A Practical Treatise on the Law of Nuisances in Their Various Forms: Including Remedies Therefor at Law and in Equity

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J.D. Parsons, Jr., 1875 - Nuisances - 937 pages

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Page 365 - Every proprietor of lands on the banks of a river has naturally an equal right to the use of the water which flows in the stream adjacent to his lands, as it was wont to run ('currere solebat'), without diminution or alteration. No proprietor has a right to use the water, to the prejudice of other proprietors, above or below him, unless he has a prior right to divert it, or a title to some exclusive enjoyment. He has no property in the water itself, but a simple usufruct while it passes along. 'Aqua...
Page 365 - ... is the language of the law. Though he may use the water while it runs over his land, he cannot unreasonably detain it, or give it another direction, and he must return it to its ordinary channel when it leaves his estate. Without the consent of the adjoining proprietors he cannot divert or diminish the quantity of water, which would otherwise descend to the proprietors below, nor throw the water back upon the proprietors above, without a grant, or an uninterrupted enjoyment of twenty years, which...
Page 492 - Ought this inconvenience to be considered in fact as more than fanciful, more than one of mere delicacy or fastidiousness, as an inconvenience materially interfering with the ordinary comfort, physically, of human existence, not merely according to elegant or dainty modes and habits of living, but according to plain and sober and simple notions among the English people?
Page 332 - There may be, and there must be allowed of that, which is common to all, a reasonable use. The true test of the principle and extent of the use is, whether it is to the injury of the other proprietors or not. There may be a diminution in quantity, or a retardation or acceleration of the natural current indispensable for the general and valuable use of the water, perfectly consistent with the existence of the common right.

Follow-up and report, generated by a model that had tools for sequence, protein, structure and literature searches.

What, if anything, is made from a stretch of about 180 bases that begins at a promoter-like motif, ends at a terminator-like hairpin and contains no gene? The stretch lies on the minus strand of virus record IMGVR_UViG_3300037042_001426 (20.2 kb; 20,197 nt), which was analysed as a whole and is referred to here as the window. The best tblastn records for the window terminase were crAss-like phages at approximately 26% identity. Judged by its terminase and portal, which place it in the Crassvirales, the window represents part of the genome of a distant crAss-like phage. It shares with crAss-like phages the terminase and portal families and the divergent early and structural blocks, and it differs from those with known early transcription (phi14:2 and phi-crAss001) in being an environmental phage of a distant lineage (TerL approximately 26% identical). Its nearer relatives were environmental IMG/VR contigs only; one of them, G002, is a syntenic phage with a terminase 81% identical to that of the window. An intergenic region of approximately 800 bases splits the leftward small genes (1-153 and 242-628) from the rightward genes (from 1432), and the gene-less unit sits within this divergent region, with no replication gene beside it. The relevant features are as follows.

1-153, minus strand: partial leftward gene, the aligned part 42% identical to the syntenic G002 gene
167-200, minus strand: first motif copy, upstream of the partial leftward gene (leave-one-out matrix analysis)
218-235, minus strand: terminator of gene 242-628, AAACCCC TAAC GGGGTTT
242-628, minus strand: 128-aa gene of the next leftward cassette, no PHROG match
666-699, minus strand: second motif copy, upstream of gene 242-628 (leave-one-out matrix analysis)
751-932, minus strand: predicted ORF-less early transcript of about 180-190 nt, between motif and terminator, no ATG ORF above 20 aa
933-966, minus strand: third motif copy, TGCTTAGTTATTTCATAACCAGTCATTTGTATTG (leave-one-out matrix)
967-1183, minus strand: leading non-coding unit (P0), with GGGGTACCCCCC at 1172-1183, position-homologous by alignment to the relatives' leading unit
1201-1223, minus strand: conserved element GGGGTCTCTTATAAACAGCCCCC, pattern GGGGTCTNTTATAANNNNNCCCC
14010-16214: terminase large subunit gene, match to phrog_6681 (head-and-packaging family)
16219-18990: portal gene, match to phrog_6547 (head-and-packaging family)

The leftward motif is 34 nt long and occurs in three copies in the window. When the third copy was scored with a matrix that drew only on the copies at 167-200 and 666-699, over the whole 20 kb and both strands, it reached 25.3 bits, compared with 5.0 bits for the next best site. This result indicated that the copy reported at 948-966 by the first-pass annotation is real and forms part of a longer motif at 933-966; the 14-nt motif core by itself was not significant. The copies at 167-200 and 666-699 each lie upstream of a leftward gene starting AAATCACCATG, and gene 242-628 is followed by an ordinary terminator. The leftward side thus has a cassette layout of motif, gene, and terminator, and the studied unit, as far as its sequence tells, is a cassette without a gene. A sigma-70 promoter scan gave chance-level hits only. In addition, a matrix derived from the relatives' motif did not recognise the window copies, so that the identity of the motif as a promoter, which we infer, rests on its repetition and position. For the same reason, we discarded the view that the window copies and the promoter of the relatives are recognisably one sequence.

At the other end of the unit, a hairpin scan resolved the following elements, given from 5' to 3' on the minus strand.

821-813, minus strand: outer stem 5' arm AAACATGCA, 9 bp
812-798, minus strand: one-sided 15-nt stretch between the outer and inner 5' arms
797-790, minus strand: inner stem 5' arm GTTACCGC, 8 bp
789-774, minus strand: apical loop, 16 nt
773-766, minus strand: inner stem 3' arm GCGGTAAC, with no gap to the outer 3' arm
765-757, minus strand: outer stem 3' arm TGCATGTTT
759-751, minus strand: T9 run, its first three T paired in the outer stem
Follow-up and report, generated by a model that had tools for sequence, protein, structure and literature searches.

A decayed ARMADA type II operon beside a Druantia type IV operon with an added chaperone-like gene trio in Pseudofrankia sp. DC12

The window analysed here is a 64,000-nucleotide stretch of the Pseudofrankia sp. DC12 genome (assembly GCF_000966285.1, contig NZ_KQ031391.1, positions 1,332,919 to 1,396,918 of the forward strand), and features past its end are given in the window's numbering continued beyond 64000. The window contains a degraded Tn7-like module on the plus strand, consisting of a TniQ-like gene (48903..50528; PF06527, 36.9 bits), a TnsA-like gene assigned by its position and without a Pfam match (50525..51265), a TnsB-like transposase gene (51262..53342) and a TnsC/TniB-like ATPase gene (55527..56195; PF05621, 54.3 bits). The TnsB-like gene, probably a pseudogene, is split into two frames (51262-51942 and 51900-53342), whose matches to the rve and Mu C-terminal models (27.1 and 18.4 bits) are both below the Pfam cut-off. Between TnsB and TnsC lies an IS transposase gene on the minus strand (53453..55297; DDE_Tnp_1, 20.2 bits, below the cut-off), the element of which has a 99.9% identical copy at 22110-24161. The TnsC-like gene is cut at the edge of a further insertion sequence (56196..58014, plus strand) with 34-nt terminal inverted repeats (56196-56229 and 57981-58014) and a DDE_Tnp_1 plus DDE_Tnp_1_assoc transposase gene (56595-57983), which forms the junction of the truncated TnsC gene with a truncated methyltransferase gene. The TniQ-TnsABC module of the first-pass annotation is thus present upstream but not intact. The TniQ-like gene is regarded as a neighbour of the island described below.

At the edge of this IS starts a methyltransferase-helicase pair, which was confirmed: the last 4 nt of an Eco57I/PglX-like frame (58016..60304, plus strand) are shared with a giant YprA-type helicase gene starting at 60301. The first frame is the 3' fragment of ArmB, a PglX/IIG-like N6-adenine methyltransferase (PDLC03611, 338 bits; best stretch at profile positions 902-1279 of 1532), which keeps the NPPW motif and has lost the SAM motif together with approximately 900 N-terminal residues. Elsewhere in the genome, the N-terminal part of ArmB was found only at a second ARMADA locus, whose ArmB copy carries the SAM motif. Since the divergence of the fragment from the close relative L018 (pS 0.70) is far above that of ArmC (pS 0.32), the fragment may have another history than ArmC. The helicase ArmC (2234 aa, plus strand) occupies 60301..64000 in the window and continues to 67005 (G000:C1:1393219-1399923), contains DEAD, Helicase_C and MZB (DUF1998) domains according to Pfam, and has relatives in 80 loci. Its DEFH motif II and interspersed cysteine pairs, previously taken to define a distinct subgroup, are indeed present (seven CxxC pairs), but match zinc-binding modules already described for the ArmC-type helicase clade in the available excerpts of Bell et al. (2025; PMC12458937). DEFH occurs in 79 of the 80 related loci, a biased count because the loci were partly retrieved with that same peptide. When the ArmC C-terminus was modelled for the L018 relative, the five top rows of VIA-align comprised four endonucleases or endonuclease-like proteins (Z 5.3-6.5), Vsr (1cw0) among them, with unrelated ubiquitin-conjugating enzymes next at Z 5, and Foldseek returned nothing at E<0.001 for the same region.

Page 331 - ... water as it flows, for that would be to deny any valuable use of it. There may be, and there must be, allowed of that which is common to all a reasonable use.
Page 415 - The enjoyment for twenty years of a stream diverted or penned up by permanent embankments, clearly stands upon a different footing from the enjoyment of a flow of water originating in the mode of occupation or alteration of a person's property, and presumably...
Page 358 - Every proprietor who claims a right either to throw the water back above, or to diminish the quantity of water which is to descend below, must, in order to maintain his claim, either prove an actual grant .or license from the proprietors affected by his operations, or must prove an uninterrupted enjoyment of twenty years...
Page 128 - ... it seems but reasonable and just that the neighbor who has brought something on his own property, which was not naturally there, harmless to others so long as it is confined to his own property...
Page 456 - The principle is, that where the owner of two tenements sells one of them, or the owner of an entire estate sells a portion, the purchaser takes the tenement or portion sold with all the benefits and burdens which appear at the time of the sale to belong to it, as between it and the property which the vendor retains.
Page 366 - All that the law requires of the party, by or over whose land a stream passes, is, that he should use the water in a reasonable manner, and so as not to destroy, or render useless, or materially diminish, or affect the application of the water by the proprietors below on the stream.

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